Rohingya militant attacks on police posts and state security forces’ savage campaign of retaliation may have opened a Pandora’s box of instability in Myanmar’s western Rakhine state, with repercussions that could haunt the country’s military for years to come.
Whether the rebel Arakan Rohingya Salvation Army (ARSA), the group responsible for the August 25 attacks but that has been quiet in recent weeks, has the intention or capability of rebounding from its sanctuaries in the teeming new refugee camps in Bangladesh is a critical unknown.
Further fighting would complicate and possibly even derail fragile prospects for the repatriation of over 700,000 Rohingya refugees.
What is not in doubt, however, is that the military, or Tatmadaw, already faces another far more serious insurgent threat in the same state. Overshadowed by the refugee crisis and the storm of international diplomatic activity it has generated, Rakhine’s second front pits the Tatmadaw against a Rakhine Buddhist rebel force that is notably better equipped and trained than ARSA’s rag-tag rebels.
A recent upsurge of attacks by the so-called Arakan Army, or AA, suggests the ethnic Rakhine rebels are now preparing to take advantage of the army’s ongoing distractions in northern parts of the state to step up their infiltration of central townships.
The AA is not a new threat but it is determined, well-armed and well-funded. In contrast to the ARSA, it is a force that appears far more capable of planning and operating strategically.
Formed in 2009 in northern Kachin state under the umbrella of the Kachin Independence Army (KIA), the AA has drawn mainly on Rakhine migrant labor working in the jade mining complex of Hpakant to emerge as a force that is estimated at close to 2,000 combatants backed by a trained reserve.
Led by a youthful former student Tun Myat Naing who today styles himself as a ‘brigadier general’, the AA gained significant combat experience on the battlefields of the north, both with the Kachin and their northern insurgent allies. In Kokang region fighting in northeast Shan state in 2015, the small AA contingent was noted as punching well above its weight.
Even as it has been growing and fighting in the country’s north, the AA has also made efforts to turn its attention home to Rakhine state. Since 2015, that strategy has centered on establishing base areas in the rugged hill country of Paletwa in the south of neighboring Chin state. The remote but strategic township borders Bangladesh to the west and Rakhine state to the south.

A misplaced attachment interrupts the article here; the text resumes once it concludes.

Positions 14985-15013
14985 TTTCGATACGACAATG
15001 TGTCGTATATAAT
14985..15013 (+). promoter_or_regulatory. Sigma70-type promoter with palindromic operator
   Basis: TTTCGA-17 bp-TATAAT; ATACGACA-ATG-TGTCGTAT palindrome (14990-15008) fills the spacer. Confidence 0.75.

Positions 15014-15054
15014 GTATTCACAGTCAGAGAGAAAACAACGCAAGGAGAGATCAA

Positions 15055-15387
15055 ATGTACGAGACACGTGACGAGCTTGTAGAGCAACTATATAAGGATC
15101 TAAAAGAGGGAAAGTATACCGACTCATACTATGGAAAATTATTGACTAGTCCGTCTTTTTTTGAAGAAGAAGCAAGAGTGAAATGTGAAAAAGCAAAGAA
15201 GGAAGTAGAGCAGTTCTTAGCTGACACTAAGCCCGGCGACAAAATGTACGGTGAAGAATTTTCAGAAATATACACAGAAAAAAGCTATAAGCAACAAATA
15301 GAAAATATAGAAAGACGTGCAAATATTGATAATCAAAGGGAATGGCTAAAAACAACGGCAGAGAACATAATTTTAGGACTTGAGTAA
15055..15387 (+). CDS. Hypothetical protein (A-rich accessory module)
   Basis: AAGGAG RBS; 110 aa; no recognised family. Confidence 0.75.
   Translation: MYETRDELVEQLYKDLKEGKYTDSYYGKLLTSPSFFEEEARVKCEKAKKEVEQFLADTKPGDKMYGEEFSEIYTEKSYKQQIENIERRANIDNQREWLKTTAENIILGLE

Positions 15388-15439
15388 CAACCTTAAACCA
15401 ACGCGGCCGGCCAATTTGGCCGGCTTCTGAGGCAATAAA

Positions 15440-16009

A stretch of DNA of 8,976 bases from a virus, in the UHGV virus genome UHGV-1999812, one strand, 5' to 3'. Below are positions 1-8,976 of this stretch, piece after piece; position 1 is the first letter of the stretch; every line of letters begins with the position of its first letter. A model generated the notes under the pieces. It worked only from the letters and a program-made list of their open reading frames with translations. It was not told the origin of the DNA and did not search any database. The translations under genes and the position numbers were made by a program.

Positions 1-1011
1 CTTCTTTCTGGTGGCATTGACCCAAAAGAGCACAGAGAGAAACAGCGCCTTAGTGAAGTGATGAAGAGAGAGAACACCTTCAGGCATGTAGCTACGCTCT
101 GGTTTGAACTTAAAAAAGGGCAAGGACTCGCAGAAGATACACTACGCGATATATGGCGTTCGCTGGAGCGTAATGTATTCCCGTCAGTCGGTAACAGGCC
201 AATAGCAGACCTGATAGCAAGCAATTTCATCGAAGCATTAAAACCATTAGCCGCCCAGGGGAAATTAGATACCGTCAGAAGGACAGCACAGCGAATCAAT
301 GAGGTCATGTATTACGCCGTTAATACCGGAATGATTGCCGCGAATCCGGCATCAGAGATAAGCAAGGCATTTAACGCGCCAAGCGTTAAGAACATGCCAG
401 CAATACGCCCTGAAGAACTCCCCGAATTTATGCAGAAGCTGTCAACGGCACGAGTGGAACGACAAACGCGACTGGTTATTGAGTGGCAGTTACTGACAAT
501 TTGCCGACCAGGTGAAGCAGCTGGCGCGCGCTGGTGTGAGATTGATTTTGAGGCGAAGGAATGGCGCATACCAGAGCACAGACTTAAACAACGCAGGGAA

From these base camps the AA has extended its footprint south across the state border deep into the Rakhine heartland. Its units have operated in the majority Buddhist townships of Kyawktaw, Mrauk-U , Min Bya, and Ponnagyun close to the state capital of Sittwe. From Paletwa and Kyawtaw the AA has also been able to infiltrate west into the majority Rohingya townships of Buthidaung and Rathedaung.
Initial indication of the shift south came in March 2015 with relatively minor attacks that, probably not by chance, coincided with heavy fighting in Kokang. But the dry season months of March and April 2016 saw a far more serious upsurge of activity as small but well-equipped guerrilla units infiltrated south.
The campaign included propaganda work in Buddhist villages, armed clashes with government forces and occasional use of relatively large improvised explosive devices (IEDs) to mine highways.
While the bulk of the group’s fighting force is understood to remain in the north, a growing contingent estimated to number up to 500 combatants is currently operating on the Chin-Rakhine front.
In notable contrast to ARSA, AA insurgents are equipped with support weapons in the form of rocket propelled grenades (RPG) and mortars that significantly enhance their capability for both ambushes and stand-off attacks on security force bases.
Back on its home turf, AA’s military capabilities are reinforced by distinct political advantages. At the tactical level, local roots and ability to tap into grass roots grievances in Myanmar’s poorest state appear to be paying off in terms of village-level support, or at least acquiescence.
Strategically, the AA also derives status as a member in good standing of the powerful northern ethnic opposition bloc – the so-called Federal Political Negotiation and Consultative Committee (FPNCC) — which has pointedly declined to sign the so-called Nationwide Ceasefire Agreement (NCA), the beleaguered centerpiece of the government’s floundering peace process.